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MOVIE REVIEW : Kurt Voss' Winning, Thrilling 'Horseplayer'

October 25, 1991|KEVIN THOMAS | TIMES STAFF WRITER

"Horseplayer" (selected theaters) is the L.A. minimalist movie at its best, a dry, deadpan psychological thriller that makes a virtue of its near no-budget. Kurt Voss, who co-wrote the witty road adventure "Delusion" and was one of the writer-directors of "Border Radio," is as unapologetic and resourceful a director as Edgar Ulmer when it comes to shooting an entire movie in primarily three settings.

Voss, who co-wrote "Horseplayer" with its producer, Larry Rattner, and David Birke, seems to know the local art scene as well he does the rock-music scene. M.K. Harris' Matthew and Sammi Davis' Randi are the kind of hip couple you might see at a La Luz de Jesus gallery opening: he has the lean, tall look of a Carradine brother and a nasty superior attitude; she's pretty and petite, with a muffled sense of decency. Matthew is a struggling artist, broke and lacking inspiration but with an important showing due in a couple of weeks; Randi is bright but in the cynical Matthew's thrall.

Newly moved into a mid-Wilshire apartment, they zero in on Bud (Brad Dourif), a clerk at the liquor store across the street, with a dual purpose: Randi is to seduce Bud not only to get money out of him but also to provide Matthew, via what she learns about Bud, with inspiration for his paintings. Posing as brother and sister, we soon realize that Matthew and Randi have preyed upon others before Bud; it's just this time they got a bit more than they bargained for.

What counts here is not plot but the film's exceedingly clear-eyed, often darkly amusing observation of the human psyche, so sharp and penetrating that we realize these three people are like countless others all over this city. Here's Matthew, determined to be on the cutting edge at any price; Bud, a solitary young man with a deeply troubled past, intent upon maintaining a precarious mental balance, devoting his spare time to playing the horses systematically.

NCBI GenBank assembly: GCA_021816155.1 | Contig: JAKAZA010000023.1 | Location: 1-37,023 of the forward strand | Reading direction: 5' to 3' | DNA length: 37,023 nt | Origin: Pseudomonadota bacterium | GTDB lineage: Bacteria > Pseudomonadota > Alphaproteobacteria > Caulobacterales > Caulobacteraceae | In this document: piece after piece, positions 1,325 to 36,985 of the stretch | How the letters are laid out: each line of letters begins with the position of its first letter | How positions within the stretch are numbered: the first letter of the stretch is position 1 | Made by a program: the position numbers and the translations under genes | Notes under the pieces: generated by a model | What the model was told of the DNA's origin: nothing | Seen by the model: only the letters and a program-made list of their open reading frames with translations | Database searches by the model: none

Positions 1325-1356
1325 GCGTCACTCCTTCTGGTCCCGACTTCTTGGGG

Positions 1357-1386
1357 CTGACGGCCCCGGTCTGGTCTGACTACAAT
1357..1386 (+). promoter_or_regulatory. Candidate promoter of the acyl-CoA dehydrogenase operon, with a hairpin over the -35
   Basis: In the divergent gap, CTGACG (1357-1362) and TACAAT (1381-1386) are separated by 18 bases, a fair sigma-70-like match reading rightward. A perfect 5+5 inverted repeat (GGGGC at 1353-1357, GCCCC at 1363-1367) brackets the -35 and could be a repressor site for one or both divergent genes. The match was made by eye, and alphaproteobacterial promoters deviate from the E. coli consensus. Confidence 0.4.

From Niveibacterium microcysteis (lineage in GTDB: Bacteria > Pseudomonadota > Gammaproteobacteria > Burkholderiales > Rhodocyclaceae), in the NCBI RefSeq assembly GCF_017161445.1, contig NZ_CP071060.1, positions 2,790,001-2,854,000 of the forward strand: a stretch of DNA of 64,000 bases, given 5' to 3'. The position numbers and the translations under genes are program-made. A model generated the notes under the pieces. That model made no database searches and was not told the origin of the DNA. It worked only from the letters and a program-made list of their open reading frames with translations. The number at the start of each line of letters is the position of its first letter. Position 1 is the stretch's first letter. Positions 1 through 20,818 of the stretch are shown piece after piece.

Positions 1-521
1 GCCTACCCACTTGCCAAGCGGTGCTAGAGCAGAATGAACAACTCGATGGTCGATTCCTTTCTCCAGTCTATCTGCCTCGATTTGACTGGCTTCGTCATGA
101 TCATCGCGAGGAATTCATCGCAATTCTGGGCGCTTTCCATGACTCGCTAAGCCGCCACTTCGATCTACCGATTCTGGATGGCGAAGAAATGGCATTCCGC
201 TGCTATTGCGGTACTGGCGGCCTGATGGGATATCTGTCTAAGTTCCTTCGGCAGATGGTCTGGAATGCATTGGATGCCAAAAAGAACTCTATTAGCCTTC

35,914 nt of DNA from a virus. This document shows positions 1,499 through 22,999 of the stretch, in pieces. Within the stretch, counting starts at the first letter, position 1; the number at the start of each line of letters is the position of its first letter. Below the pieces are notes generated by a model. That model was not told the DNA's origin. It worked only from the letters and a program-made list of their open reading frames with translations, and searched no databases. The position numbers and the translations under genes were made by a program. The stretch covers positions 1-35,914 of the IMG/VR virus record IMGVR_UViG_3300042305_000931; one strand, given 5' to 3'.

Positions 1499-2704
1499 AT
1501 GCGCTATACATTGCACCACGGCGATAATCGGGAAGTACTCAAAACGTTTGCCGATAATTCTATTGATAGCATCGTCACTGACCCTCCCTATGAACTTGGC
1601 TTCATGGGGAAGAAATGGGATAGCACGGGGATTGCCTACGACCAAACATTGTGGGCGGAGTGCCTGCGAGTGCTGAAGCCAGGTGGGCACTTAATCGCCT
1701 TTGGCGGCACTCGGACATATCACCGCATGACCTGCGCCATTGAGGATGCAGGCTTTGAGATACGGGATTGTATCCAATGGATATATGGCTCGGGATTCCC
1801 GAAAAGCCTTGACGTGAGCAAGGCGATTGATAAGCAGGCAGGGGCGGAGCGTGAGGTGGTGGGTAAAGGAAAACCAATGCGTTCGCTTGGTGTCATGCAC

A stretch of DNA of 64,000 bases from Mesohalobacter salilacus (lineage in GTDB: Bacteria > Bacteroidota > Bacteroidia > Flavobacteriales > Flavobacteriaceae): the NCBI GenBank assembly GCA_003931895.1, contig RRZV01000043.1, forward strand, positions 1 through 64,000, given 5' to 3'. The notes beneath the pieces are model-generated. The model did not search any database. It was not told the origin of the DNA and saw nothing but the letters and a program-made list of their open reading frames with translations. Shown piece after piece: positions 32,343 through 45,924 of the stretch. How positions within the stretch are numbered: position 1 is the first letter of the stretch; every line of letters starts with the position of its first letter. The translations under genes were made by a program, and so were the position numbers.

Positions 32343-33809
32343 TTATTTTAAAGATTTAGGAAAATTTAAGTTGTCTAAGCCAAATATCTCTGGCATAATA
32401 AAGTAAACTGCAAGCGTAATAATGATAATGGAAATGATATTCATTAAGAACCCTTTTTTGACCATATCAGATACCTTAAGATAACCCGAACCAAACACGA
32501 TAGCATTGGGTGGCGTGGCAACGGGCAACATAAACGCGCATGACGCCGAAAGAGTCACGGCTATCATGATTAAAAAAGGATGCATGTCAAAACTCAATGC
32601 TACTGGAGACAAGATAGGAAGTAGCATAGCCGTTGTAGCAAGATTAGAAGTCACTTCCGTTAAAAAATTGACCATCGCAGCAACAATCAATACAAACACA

Underplayed so effectively by Dourif, Bud deserves to be left alone to continue working out his isolated destiny, which he has cut down to a size he feels he can manage. He knows how to resist his crude, insensitive but sometimes well-meaning boss (the late Vic Tayback), who's always urging him to lighten up, but he's vulnerable to Matthew and Randi's determined scheming.

"Horseplayer's" spare, hard-edged look and mood are reflected perfectly in cinematographer Dean Lent's harsh photo-realist lighting and in Gary Schyman's edgy score, augmented by some numbers by the Pixies.

Images and music and the film's overall tone bear the mark of an intensely au courant alternative cinema, yet "Horseplayer" (Times-rated mature for language, considerable sex, some violence) is in fact sustained by the old-fashioned virtues of solid writing, inspired direction and exceptional, well-sustained acting on the part of Dourif, Davis and Harris.

'Horseplayer'

Brad Dourif: Bud Cowan

Sammi Davis: Randi

M.K. Harris: Matthew

Vic Tayback: George

A Greycat Films release. Director Kurt Voss. Producer Larry Rattner. Executive producers Robert M. Nau, Daryl Jamison. Screenplay by Voss, Rattner & David Birke. Cinematographer Dean Lent. Editor John Rosenberg. Costumes Elisabeth A. Scott. Music Gary Schyman. Additional music The Pixies. Art director Steve Karman. Sound William B. Weir. Running time: 1 hour, 37 minutes.

Times-rated Mature (language, sex, some violence).

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